The study of light was one of the central subjects in the artistic debate at the end of the 19th Century. James Ensor also obsessively analysed light and dark. These studies led to the realisation of his first sketches. Light and caricature are the two poles between which he continuously moved with his sketches.
In his landscapes and cityscapes he concentrated on a correct representation of the atmosphere. By contrast, in a number of other compositions he allowed fantasy and social critique to take centre stage.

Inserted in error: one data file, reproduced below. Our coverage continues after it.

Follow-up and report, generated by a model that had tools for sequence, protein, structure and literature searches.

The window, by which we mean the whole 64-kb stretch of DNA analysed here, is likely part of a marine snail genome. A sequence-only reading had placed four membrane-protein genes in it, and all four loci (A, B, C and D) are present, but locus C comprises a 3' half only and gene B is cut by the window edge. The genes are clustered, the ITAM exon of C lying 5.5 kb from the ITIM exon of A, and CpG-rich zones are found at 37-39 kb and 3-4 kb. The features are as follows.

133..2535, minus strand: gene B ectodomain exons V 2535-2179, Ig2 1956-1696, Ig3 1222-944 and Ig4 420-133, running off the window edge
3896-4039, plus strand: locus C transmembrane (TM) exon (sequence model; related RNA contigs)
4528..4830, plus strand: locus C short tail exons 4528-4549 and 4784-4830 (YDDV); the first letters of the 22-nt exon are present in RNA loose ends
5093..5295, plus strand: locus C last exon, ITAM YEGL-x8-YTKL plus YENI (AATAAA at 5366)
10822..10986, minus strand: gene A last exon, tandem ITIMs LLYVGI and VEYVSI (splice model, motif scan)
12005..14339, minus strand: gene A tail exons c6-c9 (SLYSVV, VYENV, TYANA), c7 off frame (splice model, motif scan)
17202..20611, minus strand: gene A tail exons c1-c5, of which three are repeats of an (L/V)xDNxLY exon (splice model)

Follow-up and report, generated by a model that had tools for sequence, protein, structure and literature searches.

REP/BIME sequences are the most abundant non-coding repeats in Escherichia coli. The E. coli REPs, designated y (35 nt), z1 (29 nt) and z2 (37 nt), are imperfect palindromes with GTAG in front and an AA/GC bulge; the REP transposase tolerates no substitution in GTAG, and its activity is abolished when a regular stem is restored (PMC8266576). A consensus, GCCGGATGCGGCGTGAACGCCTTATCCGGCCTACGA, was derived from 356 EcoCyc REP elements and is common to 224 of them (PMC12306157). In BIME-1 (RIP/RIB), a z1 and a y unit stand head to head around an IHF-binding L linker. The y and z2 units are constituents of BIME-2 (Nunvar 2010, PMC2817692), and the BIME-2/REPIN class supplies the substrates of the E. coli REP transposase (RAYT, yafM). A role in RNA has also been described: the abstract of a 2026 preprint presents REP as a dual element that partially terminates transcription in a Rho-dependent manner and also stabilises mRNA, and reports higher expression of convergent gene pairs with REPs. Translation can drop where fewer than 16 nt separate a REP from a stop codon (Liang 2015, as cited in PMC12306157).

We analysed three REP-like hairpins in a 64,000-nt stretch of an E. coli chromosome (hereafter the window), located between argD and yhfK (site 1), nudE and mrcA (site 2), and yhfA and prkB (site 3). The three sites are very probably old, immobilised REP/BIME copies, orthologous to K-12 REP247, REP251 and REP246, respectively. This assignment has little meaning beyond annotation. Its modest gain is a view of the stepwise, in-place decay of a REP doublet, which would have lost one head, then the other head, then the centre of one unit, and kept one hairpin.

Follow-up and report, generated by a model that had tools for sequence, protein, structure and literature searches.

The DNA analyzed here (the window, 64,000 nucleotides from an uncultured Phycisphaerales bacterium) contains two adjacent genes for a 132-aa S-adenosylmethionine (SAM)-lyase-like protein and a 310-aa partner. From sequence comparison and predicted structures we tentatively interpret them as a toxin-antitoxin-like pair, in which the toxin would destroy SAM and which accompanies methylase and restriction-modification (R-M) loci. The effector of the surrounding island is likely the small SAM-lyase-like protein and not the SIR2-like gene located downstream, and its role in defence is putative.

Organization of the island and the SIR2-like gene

Fueled by the analysis of the Great Masters and reading classical authors, Ensor created his rich imagination. Among others, The Infernal Cortege (1887) and Devils Thrashing Angels and Archangels (1888), are the prints that surprise by means of their caricature nature and through the explosive handling of the subject. Meanwhile, the political debates and social changes of his time did not leave Ensor unfased. With Belgium in the 19th Century (1889, copper etching, Ghent, Museum of Fine Arts) and Doctrinal Nourishment (1889, zinc etching, Ghent, Museum of Fine Arts) he did not hesitate to take a standpoint against the established order. Ensor produced the majority of his gravures, 88 of the 133, in a very brief period, from 1886 to 1891. He did this with the dry-point etching technique. The creative explosion of Ensor‘s engraving art that dominated until 1891 gradually ended. Afterwards, the print became merely a manner to give more notoriety to his other creations through the means of the multiplicity of the etching.